Of considerable interest, in 2014, Fleming and his coworkers93 demonstrated that mutations in an enhancer element in ALAS2 intron 1, which contains a GATA-binding site, cause a clinical phenotype similar to patients with XLSA resulting from mutations in the ALAS2 coding sequence itself.
A distinct form of XLSA, that associated with ataxia (XLSA/A), was described in several families with putative mutations mapped to chromosome region Xq13.50 In contrast to ALAS2-linked disease, the XLSA/A syndrome is associated with elevated erythrocyte protoporphyrin IX levels. It was demonstrated that mutations of the ABCB7 gene is responsible for XLSA/A,48 and this was confirmed by other reports.52,94 The ABCB7 protein is thought to transfer iron-sulfur (Fe-S) clusters from mitochondria to the cytosol (Chap. 42).76,95,96 How the disruption of Fe-S cluster export might impede heme biosynthesis is, however, not clear, but the accumulation of erythrocyte zinc–protoporphyrin IX is found in XLSA/A.48,50,52 Additionally, mouse erythrocytes with mutated (E433K) ABCB7 have an increase in zinc–protoporphyrin IX-to-heme ratios.97 Because the formation of zinc–protoporphyrin IX requires FECH, ABCB7 mutations cannot interfere with the activity of this enzyme. Instead, the loss of function of ABCB7 may, by a yet-to-be-defined mechanism, diminish the availability of reduced iron (the only substrate of iron for FECH) required for the assembly of heme from protoporphyrin IX. In XLSA, as in ALAS2-associated sideroblastic anemia, decreased levels of heme likely contribute to the pathogenesis of ring sideroblast formation.
Another type of hereditary hypochromic anemia was described in shiraz (sir) zebra fish mutants.98 These mutants have a deficiency of glutaredoxin 5 (GLRX5) encoded by a gene (GLRX5) whose product is required for Fe-S cluster assembly. This study demonstrated that the loss of the Fe-S cluster in the iron-regulatory protein 1 (IRP1) blocked ALAS2 translation by binding to the iron-responsive element (IRE) located in the 5′-untranslated region of ALAS2 mRNA. Subsequently, a case of GLRX5 deficiency in an anemic male with iron overload and a low number of ringed sideroblasts was reported.99 As in zebra fish with shiraz mutants, ferritin levels were low and TfR levels were high in the patient’s cells; this can be explained by increased IRP1 binding to IREs in mRNAs of these two proteins. However, erythroblasts from zebra fish shiraz mutants were not found to contain iron-loaded mitochondria.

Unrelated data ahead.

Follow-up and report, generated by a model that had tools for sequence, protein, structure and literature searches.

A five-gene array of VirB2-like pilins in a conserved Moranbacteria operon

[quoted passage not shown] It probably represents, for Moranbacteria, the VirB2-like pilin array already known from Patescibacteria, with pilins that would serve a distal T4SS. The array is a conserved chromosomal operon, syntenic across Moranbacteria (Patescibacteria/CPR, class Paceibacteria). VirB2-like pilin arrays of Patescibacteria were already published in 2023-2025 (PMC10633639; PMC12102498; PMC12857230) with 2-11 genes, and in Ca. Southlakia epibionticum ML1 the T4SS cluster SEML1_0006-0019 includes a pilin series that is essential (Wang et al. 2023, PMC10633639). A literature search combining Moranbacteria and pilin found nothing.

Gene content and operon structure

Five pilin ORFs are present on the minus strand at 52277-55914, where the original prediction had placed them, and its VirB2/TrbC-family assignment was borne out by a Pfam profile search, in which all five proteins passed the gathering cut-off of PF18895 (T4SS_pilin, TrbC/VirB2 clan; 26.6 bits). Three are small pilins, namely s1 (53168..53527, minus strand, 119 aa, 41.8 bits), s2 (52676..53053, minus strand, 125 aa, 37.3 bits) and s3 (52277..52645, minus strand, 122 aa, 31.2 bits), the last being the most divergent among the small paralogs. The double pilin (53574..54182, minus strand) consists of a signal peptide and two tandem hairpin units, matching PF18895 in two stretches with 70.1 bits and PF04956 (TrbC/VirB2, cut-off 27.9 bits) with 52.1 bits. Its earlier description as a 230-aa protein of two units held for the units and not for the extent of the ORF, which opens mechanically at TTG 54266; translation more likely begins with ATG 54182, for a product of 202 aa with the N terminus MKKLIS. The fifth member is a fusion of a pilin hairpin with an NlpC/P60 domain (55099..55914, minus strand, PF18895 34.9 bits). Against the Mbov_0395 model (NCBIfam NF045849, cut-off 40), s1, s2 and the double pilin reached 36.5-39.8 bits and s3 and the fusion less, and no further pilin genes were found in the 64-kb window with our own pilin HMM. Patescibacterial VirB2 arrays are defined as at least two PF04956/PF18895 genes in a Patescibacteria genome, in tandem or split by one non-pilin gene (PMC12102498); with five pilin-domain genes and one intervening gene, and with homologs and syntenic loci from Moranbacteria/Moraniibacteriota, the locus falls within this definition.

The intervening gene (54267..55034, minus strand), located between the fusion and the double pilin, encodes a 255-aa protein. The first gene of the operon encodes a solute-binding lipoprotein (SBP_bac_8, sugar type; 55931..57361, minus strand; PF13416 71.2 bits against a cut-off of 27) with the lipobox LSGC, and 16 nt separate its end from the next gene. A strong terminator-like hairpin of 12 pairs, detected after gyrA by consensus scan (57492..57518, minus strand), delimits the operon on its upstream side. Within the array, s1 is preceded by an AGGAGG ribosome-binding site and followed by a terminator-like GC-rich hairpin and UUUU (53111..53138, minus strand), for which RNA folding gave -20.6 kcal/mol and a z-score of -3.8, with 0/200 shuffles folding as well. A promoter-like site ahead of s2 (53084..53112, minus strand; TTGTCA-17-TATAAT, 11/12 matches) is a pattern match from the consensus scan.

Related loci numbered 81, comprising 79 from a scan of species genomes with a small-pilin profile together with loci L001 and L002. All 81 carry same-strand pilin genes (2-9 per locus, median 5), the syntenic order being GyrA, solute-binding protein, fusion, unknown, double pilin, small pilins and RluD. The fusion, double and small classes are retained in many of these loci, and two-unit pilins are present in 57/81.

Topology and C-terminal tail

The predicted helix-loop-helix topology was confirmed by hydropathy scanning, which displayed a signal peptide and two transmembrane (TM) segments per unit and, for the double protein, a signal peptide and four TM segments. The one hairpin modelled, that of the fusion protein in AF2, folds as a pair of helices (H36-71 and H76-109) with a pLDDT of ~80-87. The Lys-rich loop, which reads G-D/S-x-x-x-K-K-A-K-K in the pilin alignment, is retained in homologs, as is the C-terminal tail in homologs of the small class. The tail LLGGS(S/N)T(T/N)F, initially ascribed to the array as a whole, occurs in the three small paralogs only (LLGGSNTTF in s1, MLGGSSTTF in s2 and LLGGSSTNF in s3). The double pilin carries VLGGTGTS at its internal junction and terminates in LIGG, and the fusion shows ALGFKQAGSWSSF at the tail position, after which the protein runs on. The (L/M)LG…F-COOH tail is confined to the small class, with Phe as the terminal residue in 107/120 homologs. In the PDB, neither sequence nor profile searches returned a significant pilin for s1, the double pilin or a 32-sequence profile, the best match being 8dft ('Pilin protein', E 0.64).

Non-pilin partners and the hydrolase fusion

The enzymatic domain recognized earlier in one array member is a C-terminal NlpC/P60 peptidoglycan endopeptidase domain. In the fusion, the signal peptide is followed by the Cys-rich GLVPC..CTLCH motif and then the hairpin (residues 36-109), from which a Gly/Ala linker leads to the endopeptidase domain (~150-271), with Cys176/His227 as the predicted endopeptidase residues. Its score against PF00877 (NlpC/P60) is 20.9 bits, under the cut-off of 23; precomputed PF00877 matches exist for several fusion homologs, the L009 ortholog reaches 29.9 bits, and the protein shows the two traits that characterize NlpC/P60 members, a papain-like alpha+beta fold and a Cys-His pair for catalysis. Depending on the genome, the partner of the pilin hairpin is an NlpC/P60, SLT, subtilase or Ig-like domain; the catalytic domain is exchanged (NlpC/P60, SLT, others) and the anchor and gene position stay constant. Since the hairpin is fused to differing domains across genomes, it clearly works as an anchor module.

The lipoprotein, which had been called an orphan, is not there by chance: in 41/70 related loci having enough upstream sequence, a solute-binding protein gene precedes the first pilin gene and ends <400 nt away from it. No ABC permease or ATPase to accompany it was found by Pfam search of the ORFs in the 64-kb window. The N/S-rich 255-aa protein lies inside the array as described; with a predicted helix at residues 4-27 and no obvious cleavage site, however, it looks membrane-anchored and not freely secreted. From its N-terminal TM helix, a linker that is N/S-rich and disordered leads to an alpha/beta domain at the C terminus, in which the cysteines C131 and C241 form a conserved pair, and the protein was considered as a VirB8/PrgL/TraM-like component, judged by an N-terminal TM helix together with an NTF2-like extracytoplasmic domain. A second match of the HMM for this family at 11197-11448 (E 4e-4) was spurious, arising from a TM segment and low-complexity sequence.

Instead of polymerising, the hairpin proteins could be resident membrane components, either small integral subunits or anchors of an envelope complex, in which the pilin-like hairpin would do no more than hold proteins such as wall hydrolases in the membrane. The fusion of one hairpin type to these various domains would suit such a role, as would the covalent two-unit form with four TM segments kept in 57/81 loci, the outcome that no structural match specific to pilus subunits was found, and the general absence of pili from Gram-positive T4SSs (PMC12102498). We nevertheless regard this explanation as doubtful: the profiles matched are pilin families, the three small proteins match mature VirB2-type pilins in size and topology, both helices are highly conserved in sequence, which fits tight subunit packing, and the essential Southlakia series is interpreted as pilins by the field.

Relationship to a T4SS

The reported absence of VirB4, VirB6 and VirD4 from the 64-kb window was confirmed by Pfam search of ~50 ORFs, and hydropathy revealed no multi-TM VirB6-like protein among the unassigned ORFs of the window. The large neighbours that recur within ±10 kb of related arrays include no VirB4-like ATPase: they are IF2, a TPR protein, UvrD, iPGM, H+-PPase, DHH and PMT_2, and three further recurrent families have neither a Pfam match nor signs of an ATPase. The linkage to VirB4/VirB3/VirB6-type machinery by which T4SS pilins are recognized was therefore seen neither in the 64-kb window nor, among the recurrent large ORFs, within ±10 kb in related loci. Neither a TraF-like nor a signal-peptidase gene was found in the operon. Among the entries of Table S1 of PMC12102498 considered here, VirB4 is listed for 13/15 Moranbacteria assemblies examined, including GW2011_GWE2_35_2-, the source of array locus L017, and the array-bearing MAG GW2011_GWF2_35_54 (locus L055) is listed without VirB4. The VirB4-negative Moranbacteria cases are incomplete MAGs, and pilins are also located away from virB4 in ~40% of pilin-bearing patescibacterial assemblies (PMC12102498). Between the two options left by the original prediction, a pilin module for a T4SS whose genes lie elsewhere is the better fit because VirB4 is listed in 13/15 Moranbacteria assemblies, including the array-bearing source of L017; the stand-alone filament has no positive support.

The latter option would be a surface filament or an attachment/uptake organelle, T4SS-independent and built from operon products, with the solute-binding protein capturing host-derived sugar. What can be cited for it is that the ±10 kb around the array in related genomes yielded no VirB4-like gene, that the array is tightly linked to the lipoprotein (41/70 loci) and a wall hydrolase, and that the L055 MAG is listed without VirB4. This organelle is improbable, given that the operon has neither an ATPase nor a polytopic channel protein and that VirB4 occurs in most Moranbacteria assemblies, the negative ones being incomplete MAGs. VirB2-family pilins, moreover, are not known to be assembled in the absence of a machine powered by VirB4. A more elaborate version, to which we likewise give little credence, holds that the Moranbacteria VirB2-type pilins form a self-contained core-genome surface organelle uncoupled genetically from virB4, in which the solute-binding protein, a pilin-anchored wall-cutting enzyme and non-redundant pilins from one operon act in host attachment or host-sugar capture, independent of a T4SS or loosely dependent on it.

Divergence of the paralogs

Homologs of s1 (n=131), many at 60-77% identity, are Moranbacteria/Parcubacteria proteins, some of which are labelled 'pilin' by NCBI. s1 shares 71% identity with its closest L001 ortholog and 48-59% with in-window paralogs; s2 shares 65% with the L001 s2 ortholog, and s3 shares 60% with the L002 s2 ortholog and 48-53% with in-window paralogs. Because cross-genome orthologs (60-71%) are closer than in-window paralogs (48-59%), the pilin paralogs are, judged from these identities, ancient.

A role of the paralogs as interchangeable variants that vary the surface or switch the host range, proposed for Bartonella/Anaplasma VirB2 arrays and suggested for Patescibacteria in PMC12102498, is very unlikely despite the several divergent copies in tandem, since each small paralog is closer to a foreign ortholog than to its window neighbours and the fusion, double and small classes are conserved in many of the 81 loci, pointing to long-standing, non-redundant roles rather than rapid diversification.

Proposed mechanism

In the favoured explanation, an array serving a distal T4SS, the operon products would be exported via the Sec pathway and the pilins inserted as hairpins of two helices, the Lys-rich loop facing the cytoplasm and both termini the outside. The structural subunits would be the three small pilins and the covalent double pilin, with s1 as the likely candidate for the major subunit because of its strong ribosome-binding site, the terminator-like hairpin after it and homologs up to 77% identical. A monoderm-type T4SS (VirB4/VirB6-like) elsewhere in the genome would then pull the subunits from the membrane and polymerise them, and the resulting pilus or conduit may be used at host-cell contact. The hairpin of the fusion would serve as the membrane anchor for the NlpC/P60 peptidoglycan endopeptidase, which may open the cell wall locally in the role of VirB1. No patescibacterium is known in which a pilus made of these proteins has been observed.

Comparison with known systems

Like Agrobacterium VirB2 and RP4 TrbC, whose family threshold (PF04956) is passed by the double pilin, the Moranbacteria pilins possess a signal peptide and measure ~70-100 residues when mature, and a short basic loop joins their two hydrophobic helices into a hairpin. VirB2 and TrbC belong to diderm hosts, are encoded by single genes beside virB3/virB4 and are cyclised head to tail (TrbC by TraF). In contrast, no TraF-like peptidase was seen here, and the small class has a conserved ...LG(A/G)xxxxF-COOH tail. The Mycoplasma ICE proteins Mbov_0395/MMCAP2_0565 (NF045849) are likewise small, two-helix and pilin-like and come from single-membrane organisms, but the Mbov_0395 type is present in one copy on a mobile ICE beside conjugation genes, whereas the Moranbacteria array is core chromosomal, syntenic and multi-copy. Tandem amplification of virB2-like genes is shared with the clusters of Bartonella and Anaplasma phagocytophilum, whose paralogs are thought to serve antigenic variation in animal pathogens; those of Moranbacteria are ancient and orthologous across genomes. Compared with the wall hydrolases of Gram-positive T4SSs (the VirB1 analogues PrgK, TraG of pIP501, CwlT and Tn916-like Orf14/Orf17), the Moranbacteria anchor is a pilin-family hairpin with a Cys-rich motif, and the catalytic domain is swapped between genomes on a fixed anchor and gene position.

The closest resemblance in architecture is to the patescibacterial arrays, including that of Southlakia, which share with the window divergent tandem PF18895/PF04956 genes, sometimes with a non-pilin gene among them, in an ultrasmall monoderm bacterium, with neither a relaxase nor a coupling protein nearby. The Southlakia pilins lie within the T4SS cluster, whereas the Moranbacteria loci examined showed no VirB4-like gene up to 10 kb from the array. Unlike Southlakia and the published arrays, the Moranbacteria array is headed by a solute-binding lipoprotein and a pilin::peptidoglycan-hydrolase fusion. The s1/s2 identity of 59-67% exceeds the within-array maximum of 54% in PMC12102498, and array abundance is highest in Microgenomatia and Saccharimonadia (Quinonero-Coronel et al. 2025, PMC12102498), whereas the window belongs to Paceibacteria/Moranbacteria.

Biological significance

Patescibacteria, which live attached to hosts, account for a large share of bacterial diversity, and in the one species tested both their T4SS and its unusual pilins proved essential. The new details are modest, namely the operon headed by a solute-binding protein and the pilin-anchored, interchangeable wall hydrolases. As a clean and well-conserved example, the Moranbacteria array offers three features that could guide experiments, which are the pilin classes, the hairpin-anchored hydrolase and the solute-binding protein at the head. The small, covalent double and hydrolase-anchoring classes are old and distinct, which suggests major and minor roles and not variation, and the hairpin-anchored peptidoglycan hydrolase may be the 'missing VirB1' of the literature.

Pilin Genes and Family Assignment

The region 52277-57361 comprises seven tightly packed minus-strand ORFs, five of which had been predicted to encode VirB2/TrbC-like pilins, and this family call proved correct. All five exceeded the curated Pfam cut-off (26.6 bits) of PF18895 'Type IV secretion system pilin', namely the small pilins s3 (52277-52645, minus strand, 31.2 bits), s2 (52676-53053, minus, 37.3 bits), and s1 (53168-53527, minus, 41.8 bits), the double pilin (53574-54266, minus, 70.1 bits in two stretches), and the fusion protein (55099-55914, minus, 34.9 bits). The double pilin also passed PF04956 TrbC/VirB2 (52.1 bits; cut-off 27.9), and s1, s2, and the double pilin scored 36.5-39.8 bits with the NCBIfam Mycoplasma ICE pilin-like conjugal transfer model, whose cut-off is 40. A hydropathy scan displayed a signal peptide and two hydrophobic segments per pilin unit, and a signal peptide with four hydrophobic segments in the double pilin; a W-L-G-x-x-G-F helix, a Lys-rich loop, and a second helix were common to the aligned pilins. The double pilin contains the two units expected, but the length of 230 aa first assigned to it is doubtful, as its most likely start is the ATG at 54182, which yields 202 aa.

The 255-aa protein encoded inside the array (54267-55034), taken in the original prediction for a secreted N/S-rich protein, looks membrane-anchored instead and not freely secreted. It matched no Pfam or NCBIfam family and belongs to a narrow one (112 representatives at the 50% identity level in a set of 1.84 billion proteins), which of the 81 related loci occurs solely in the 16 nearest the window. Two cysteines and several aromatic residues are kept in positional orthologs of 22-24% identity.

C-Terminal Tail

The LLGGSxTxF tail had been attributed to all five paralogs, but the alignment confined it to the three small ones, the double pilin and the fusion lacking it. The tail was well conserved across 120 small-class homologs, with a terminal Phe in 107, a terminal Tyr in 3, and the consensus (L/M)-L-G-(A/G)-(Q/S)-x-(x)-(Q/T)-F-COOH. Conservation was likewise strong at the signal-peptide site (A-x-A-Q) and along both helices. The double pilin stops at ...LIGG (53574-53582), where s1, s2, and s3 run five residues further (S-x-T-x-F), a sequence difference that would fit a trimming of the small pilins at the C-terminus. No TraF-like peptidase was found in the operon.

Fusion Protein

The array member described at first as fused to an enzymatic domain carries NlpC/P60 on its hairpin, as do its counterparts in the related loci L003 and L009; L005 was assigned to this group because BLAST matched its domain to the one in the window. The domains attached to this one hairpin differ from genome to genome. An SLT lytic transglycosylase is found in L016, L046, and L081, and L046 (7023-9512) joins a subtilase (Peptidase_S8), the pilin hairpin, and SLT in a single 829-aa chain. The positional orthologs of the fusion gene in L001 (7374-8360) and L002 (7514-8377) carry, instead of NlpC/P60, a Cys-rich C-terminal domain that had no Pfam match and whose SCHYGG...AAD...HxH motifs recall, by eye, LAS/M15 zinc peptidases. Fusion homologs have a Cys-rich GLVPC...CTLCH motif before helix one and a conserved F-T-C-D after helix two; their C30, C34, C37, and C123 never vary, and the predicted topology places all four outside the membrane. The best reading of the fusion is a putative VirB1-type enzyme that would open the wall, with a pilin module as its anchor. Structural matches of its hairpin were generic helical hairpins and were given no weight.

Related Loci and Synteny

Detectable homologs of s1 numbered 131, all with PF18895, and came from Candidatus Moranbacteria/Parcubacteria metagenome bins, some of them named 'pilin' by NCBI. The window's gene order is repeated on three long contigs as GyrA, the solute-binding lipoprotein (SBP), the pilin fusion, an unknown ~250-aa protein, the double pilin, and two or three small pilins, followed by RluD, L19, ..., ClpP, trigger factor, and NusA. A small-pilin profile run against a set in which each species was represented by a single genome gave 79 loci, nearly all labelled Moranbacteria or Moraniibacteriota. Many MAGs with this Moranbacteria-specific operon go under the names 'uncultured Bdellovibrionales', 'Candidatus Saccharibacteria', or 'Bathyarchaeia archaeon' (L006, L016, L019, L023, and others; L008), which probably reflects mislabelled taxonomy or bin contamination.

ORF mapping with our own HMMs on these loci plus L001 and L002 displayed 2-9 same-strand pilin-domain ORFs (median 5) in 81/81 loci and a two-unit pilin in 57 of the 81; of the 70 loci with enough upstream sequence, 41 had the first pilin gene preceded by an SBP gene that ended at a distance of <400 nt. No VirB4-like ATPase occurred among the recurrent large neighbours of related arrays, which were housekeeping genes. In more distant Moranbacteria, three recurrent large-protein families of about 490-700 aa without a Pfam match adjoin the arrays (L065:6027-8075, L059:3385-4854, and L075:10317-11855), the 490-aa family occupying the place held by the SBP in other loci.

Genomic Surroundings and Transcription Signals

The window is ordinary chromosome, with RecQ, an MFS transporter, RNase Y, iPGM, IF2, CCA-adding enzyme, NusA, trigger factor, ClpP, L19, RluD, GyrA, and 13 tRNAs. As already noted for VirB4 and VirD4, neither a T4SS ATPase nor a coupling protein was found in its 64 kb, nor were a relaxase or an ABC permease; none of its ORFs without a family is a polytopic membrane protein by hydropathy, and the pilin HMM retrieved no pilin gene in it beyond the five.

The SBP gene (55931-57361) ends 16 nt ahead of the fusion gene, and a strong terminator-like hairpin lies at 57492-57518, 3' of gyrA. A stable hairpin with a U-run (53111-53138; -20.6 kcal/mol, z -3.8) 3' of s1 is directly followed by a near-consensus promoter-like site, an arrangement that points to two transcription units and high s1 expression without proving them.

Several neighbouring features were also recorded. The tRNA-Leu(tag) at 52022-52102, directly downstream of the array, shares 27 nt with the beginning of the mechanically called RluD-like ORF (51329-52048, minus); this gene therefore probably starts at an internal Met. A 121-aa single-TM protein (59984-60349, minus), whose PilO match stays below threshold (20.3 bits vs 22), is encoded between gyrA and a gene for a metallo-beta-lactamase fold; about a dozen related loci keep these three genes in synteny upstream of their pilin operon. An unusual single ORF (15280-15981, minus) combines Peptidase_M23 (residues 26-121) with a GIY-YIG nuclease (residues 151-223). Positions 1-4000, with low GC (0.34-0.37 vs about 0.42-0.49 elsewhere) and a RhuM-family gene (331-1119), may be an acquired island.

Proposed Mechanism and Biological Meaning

Primary Acquired Sideroblastic Anemia (Refractory Anemia with Ring Sideroblasts—Myelodysplastic Syndrome)
The pathophysiology of acquired idiopathic sideroblastic anemias associated with myelodysplastic syndrome is distinct from the above discussed XLSAs. In these patients there is no evidence for a decrease in the formation protoporphyrin IX levels; instead, the amount of protoporphyrin IX is moderately increased.43 Impaired iron reduction could cause intramitochondrial iron accumulation in patients with myelodysplastic syndromes. The ferric reductase, STEAP 3 (six-transmembrane epithelial antigen of prostate 3-ferric reductase), is involved in the reduction of Fe3+ to Fe2+ in endosomes.100 Based on the model of the direct interorganellar transfer of iron (see Fig. 59–2), it can be assumed that there is only one reduction step during the path of iron from endosomes to FECH. However, the efficient insertion of ferrous ions into protoporphyrin IX may still require a reducing environment in mitochondria that would be provided by an uninterrupted respiratory chain. This proposal is compatible with the fact that sideroblastic anemia accompanying Pearson marrow-pancreas syndrome101 is caused by deletions of mitochondrial DNA genes, products of these are involved in electron transport.102 Indeed, there are at least some myelodysplasia-associated sideroblastic anemia patients described caused by acquired mutations in cytochrome oxidase, encoded by mitochondrial DNA.54,55,103,104,105 However, a rigorous study failed to find cytochrome oxidase mutations in 10 patients with myelodysplasia-associated sideroblastic anemia.106 Alternatively, these is some evidence that ABCB7 (see the above discussion on XLSA/A) could be a possible candidate gene for the formation of ringed sideroblasts in refractory anemia with ring sideroblasts.107